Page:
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Journalism 2.0 October 23, 2008

Posted by jamiekim in Journalism, Social Media.
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Journalists have already learned the most important thing from bloggers: news can be a conversation, not just a lecture. And recent research is showing that journalists are extensively using social media, which allows feedback, comments, multimedia and more. There is an opportunity for a dialogue—an interaction—rather than a one-sided monologue, and journalists know and utilize these aspects of social media.

However, with more than 100 million blogs floating around in the blogosphere, it’s difficult for many journalists—and bloggers for that matter—to catch the interest of readers and engage them in conversations. Some people are going as far as saying that blogging is dead.

So what does this mean for traditional media? If bloggers die, do journalists live?

Well, bloggers aren’t dead, and neither are journalists. In fact, the only thing that seems to be dying is the average reader’s attention span. Technology has shoved well-crafted inverted pyramids into shorter blog posts and now it’s reducing information into 140 words or less via Twitter. At this rate, we might as well be communicating in acronyms.

The Web is constantly changing and facilitating rapid technological and social change. And this is exactly the lesson to be learned. New social media tools will pop-up and there will always be new ways to communicate information and news. Traditional media should monitor and implement these useful social media tools to retain existing audiences and invite new ones, but they don’t need to go overboard.

The single most important thing that traditional media should do is to keep doing what they do best. It’s as simple as that. They’re masters of their crafts and have been doing it for so long; traditional media obviously provides its audiences with something that new media cannot, otherwise there would be no traditional media still existing today.


It Depends on the Issue September 18, 2008

Posted by jamiekim in Social Media.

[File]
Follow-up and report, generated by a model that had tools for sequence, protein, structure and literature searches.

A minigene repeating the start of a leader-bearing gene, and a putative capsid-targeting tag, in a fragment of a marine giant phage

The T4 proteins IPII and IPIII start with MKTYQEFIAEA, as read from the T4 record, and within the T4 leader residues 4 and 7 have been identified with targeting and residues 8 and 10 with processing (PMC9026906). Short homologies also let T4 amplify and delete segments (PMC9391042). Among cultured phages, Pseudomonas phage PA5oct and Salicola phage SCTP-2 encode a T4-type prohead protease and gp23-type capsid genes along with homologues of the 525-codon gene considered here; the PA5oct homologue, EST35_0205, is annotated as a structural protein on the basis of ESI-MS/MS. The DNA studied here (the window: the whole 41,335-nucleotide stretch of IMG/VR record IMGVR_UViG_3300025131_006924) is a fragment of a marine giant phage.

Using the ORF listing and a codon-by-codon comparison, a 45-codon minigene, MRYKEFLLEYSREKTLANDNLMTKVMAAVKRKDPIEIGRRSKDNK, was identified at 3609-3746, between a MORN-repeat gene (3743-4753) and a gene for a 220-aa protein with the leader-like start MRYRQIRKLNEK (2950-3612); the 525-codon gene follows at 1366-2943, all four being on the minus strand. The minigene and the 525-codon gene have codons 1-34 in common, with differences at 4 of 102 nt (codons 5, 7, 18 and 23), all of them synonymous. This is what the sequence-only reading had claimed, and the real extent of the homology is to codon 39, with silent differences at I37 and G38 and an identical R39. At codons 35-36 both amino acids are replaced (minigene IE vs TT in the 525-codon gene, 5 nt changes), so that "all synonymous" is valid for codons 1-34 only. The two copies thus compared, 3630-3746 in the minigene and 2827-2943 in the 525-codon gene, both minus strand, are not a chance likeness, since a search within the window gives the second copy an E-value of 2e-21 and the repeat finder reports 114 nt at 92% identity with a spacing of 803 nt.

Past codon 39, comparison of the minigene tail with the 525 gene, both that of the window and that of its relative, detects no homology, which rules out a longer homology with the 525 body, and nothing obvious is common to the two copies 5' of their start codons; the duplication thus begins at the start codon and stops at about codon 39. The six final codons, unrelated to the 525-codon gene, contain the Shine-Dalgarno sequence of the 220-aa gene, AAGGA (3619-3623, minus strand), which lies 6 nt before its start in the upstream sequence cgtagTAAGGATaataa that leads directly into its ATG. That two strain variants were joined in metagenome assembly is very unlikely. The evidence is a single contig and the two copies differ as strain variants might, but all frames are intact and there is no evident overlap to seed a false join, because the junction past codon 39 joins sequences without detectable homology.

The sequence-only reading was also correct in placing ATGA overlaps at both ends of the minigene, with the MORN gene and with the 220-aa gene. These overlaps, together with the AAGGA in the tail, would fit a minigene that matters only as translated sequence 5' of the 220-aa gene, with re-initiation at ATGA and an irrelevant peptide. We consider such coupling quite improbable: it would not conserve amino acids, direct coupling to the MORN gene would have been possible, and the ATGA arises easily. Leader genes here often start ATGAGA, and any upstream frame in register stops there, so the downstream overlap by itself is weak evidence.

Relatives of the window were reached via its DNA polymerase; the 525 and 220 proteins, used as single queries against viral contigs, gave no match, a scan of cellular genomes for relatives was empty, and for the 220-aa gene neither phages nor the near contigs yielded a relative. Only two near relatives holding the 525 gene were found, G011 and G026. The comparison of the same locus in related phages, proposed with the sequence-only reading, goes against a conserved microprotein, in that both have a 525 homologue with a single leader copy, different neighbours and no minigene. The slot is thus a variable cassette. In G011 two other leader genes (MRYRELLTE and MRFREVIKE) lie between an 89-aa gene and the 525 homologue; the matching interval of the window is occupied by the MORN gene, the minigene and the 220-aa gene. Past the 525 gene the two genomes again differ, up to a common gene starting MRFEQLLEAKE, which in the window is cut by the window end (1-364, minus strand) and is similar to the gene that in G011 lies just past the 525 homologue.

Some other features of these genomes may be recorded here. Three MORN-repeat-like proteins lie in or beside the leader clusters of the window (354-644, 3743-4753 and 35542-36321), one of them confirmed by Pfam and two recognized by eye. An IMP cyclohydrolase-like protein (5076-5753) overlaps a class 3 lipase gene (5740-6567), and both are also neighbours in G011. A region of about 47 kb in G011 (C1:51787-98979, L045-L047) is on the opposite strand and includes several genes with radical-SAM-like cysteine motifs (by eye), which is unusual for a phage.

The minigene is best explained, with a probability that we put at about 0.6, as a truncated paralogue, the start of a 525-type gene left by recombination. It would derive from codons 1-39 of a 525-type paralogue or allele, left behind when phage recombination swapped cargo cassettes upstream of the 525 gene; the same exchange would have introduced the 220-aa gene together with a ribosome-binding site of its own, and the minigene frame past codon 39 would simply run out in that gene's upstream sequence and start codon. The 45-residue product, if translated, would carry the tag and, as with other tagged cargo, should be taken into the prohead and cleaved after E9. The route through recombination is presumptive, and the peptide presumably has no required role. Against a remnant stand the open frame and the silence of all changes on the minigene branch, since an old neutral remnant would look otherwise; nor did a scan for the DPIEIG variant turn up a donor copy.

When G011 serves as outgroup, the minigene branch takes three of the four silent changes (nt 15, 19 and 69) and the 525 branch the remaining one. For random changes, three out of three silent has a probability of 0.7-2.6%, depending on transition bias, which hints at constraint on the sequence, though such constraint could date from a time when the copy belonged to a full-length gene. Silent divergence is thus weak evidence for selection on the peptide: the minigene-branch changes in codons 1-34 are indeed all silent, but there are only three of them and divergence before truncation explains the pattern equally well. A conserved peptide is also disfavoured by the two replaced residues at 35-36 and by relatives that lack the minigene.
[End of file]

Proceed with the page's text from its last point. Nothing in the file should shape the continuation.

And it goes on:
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When I feel sick, the person who I contact first is not a nurse, doctor or pharmacist.

It is my mother.

And I call her because she is an expert when it comes to who I am. In my eyes, she is a professional and I value her opinion greatly.

In fact, if my mom had a blog and claimed herself as an expert in raising children, I would include the blog in my RSS feed and consider her a good source for parenting know-how’s. Never mind the fact that she doesn’t hold a degree in anything child-related. She has over 20 years of experience. She is qualified enough for me.

But I understand that most people wouldn’t subscribe to her every word of citizen journalism; they don’t share the long established relationship that I have with her.

To others, she may be just another blogger, another person claiming to be an expert with no professional degree to justify her statements.

And their point is valid.

Heck, even I would never trust her with a serious health concern (i.e. surgery). That is when a doctor—a licensed professional—should be visited.

If we knew when it was appropriate to seek information from life experts and licensed experts, the war between bloggers versus journalistsWeinberger versus Keen—would end.

There is no threat in educating ourselves with information found in blogs and other open-sourced Internet sites. We just need to keep in mind that there are more unbiased and credible sources out there, whether these are on or offline.

Life After College September 12, 2008

Posted by jamiekim in Social Media.
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I’m a paranoid individual.

And I have Web 2.0 to thank for it.

Social media has turned everything into an open party. Posting pictures on MySpace; sending bumper stickers on Facebook; constantly updating your status on Twitter—it’s all really fun. Not to mention really addicting.

After all, what’s not fun about being the host of your own party and inviting all of your friends and family to celebrate?

Well. When nobody wants to leave. Or better yet, when you suddenly see a few co-workers walk-in through the back door.

Who invited them? Technically, you did.

Friends and family aren’t the only people with an Internet access.

Every social media user needs to take extra precautions, especially the members of Generation Y searching for jobs out in the “real world.” Not only can Web 2.0 make it so you don’t get a job you’re interviewing for, but it can get you fired from whatever job you already have.

Sitting behind a computer screen is no longer considered a hiding place. Your identity won’t stay anonymous for very long, especially when an employer is running a Google search of your name.

We all need to protect out privacy and calculate whether our current (online) actions can possibly equate to future consequences. You can never be too careful these days.

Sure, social media sites can be fun and friendly. But things can start getting ugly, very quickly.